The 12 days of the cruise was really great, just long enough with a great itinerary and plenty to do and see. The 2 days we had at sea on board the ship were also great as they allowed us to relax and recover and also take everything that we had seen in and digest it all. It was still a pretty busy schedule, but it was great having the ship as a base where we had our cabin and could unpack everything and leave it all in a wardrobe. (Last few days has been living out of a suitcase with our travels). The food and service on board the Ruby Princess was also great – couldn’t fault it. Our cabin steward (Adrian) was friendly and polite and our cabin was always cleaned twice a day and spotless. Great experience all round. It was really hard to believe that there were 3,000 passengers on board the ship – it was never rushed or over crowded, there were always tables and places to chill out. Mind you there were 1,200 staff looking after us all.
Greece was really beautiful especially the Greek Islands (all of them were different). Santorini and Mykonos were fantastic and Corfu was a real contrast. Athens was big and crowded, but we still got to see the Acropolis and Parthenon – one of the highlights. Mykonos was a real highlight, beautiful place, beautiful colours and crystal clear water.
It was still pretty sad that everywhere we went in Greece they talked about the economy and the fact that there was little hope and little light at the end of the tunnel for the Greeks. When we were in Olympia the Greek Government even ended up shutting down the Government run TV and Radio stations to try and save money, that was not popular. There seemed to be many other options for saving money than cutting that service completely. Anyway there still seemed to be plenty of tourists around especially on the Islands and the economy really relies on the tourist continuing to come along – I hope they do. All the Greek people we met in our travels were just lovely.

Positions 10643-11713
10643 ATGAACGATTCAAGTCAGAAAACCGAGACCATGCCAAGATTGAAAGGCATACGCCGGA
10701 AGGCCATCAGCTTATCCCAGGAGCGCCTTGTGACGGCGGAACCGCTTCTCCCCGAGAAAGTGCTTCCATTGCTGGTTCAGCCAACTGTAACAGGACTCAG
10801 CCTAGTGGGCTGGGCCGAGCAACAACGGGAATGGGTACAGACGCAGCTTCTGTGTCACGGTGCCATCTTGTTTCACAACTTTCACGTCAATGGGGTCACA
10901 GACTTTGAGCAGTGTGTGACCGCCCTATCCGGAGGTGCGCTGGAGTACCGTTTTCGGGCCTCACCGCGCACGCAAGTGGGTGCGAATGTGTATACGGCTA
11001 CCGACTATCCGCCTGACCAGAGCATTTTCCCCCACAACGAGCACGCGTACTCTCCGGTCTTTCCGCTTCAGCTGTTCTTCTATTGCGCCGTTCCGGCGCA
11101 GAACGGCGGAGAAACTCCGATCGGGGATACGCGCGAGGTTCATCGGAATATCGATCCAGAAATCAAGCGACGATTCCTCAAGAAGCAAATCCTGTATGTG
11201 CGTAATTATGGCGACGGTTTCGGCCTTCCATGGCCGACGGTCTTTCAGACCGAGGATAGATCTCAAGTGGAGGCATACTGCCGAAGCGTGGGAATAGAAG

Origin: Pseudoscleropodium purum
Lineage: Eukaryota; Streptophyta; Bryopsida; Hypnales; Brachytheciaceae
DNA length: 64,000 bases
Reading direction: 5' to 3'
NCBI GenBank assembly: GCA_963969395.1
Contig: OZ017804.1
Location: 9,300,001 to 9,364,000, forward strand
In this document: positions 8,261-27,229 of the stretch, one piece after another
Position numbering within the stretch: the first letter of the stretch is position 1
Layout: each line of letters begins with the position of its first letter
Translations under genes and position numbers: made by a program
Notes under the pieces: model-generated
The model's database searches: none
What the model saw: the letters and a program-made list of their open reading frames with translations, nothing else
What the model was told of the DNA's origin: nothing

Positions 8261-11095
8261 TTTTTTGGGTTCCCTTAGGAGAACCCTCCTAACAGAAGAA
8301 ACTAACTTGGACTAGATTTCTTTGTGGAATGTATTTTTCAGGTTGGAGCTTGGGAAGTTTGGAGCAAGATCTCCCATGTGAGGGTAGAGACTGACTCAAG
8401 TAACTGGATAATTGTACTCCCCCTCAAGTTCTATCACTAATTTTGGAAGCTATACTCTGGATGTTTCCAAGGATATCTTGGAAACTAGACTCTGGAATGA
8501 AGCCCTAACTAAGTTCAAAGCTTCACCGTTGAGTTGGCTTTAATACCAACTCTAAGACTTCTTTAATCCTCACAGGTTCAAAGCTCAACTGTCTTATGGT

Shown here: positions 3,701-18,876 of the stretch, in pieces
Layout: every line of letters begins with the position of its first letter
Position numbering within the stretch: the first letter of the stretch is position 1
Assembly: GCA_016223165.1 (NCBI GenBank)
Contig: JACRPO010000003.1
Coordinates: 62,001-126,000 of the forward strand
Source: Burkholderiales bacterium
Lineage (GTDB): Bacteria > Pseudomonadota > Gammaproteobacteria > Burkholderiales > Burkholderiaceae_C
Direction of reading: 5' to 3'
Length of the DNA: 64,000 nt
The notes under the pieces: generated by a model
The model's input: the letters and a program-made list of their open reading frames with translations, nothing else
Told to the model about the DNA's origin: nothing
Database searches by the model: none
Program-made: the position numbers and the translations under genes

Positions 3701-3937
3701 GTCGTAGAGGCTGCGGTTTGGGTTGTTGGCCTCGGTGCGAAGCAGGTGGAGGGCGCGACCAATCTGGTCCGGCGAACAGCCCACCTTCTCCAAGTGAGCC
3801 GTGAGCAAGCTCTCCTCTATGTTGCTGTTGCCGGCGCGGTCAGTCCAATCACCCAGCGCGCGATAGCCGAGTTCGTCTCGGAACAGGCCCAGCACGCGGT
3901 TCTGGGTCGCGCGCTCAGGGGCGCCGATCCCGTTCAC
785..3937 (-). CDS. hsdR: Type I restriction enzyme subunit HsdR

We arrived in Venice at around 8AM after steaming at almost full speed from Dubrovnik overnight as we had an earlier docking slot at than the original 1PM. Sailing into Venice canals to dock alongside the island of Venice was quite an experience. We sailed right past St Marks Square through the busy main canals with 2 tugboats attached (one at the front and one at the rear).
We docked at around 10AM and took the shuttle launch organised by Princess right through to St Marks Square. We ended up walking to the square and having a coffee (and a Campari) and watched the crowds and Pigeons. I took a Skype call from Michelle my sister while in the square which was quite surreal with her freezing at night in Christchurch winter all rugged up, while we were bathing in 29 degree sunshine in the middle of Venice! Marvels of technology!